Is U.S. Wildfire Policy a Smoke Screen?

TravelWatch
By Jonathan B. Tourtellot
National Geographic Traveler
Updated August 15, 2003

TravelWatch is produced by the geotourism editor for National Geographic Traveler magazine, Jonathan B. Tourtellot. TravelWatch focuses on sustainable tourism and destination stewardship. This column, updated for National Geographic News, appeared originally in the print magazine. Look for TravelWatch every Friday.

"Everybody is trying to hijack the fire issue for their own agendas" —Fire historian Stephen Pyne

If you like driving among towering Sierra Nevada ponderosa pines older than the Constitution, or hiking Montana's Bitterroot in the footsteps of Lewis and Clark, you may be making one of the year's half billion visits to America's national parks and forests.

Except, of course, to the forests that are on fire. In Montana alone, 19 fires were burning at last report. One has closed part of Glacier National Park.

Wildfires have been getting worse over the years. In response, the government now plans drastic tree-thinning under its Healthy Forests Initiative. Skeptics call it a pretext for logging, one that flies in the face of our forests' overarching value as places to visit and appreciate.

Today's fires can grow unusually fierce because Smokey Bear went overboard. For decades, the well-meaning policy of suppressing all forest fires allowed too much fuel—dead wood, underbrush, small trees—to build up on public lands, especially in the fire-prone West. What might have once been a minor grass fire now turns cataclysmic, like last year's Hayman Fire in Colorado.

All parties generally agree that many forests need tidying up—by cutting, or carefully controlled burning, or both.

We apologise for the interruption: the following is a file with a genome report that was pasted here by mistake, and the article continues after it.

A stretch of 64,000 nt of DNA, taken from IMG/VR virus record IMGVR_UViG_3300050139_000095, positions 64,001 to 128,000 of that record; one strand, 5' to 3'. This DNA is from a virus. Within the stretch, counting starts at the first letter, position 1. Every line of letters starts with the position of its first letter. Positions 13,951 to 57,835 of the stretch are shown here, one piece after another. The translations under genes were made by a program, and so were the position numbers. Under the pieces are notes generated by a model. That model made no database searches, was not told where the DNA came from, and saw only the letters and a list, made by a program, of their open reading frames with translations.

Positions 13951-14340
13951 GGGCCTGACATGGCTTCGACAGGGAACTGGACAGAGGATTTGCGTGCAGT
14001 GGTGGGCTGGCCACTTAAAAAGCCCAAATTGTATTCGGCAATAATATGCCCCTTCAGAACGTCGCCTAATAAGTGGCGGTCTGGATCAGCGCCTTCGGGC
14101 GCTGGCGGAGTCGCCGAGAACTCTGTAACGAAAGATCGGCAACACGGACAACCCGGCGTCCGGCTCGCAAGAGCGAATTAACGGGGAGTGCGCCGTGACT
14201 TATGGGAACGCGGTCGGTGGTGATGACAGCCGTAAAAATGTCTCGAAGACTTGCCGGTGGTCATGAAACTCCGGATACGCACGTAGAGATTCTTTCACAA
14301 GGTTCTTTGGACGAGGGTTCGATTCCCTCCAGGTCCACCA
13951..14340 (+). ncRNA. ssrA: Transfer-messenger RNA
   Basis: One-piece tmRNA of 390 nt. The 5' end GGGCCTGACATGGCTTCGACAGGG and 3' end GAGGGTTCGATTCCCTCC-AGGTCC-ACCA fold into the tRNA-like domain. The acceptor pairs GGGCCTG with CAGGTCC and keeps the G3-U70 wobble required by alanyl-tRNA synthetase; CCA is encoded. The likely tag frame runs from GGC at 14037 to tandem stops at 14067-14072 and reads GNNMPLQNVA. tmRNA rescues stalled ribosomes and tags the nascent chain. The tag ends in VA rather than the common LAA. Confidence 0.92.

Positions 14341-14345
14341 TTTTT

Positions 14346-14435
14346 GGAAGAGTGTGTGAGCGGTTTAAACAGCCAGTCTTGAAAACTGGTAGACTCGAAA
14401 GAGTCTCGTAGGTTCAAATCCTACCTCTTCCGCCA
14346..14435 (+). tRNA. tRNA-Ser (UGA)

There, agreement ends. Citing cost efficiency, the Bush administration will invite loggers to do the thinning and let them cut what they need for profit. Critics say they'll take the best, biggest trees.

To sort it out, I consulted the nation's best-known fire historian, Dr. Stephen Pyne, based at Arizona State.

"I am dismayed that they are coupling fire management with commercial logging," he says of the White House plan. "Usually fire takes the little stuff and leaves the big, while logging takes the big stuff and leaves the little." Logging debris, he adds, is a worse hazard yet.

But both sides, Pyne says, oversimplify. Forests are naturally adapted to fire, but in different ways. The open grass-tree mix typical of ponderosa pine needs frequent, mild grass fires. The bigger trees survive, providing key habitat and pools of cooling shade. Lodgepole pine forests, by contrast, grow thickly and regenerate every century or so from "self-immolating burns," as in the seemingly catastrophic Yellowstone fires of 1988.

Jim Furnish, a former deputy Forest Service chief, agrees. In Yellowstone today, he points out, "you can see all the young lodgepoles growing the way they're supposed to. Yellowstone is performing exactly as a wild park should." Lodgepole, in fact, relies on fire to open its seed-laden pine cones.

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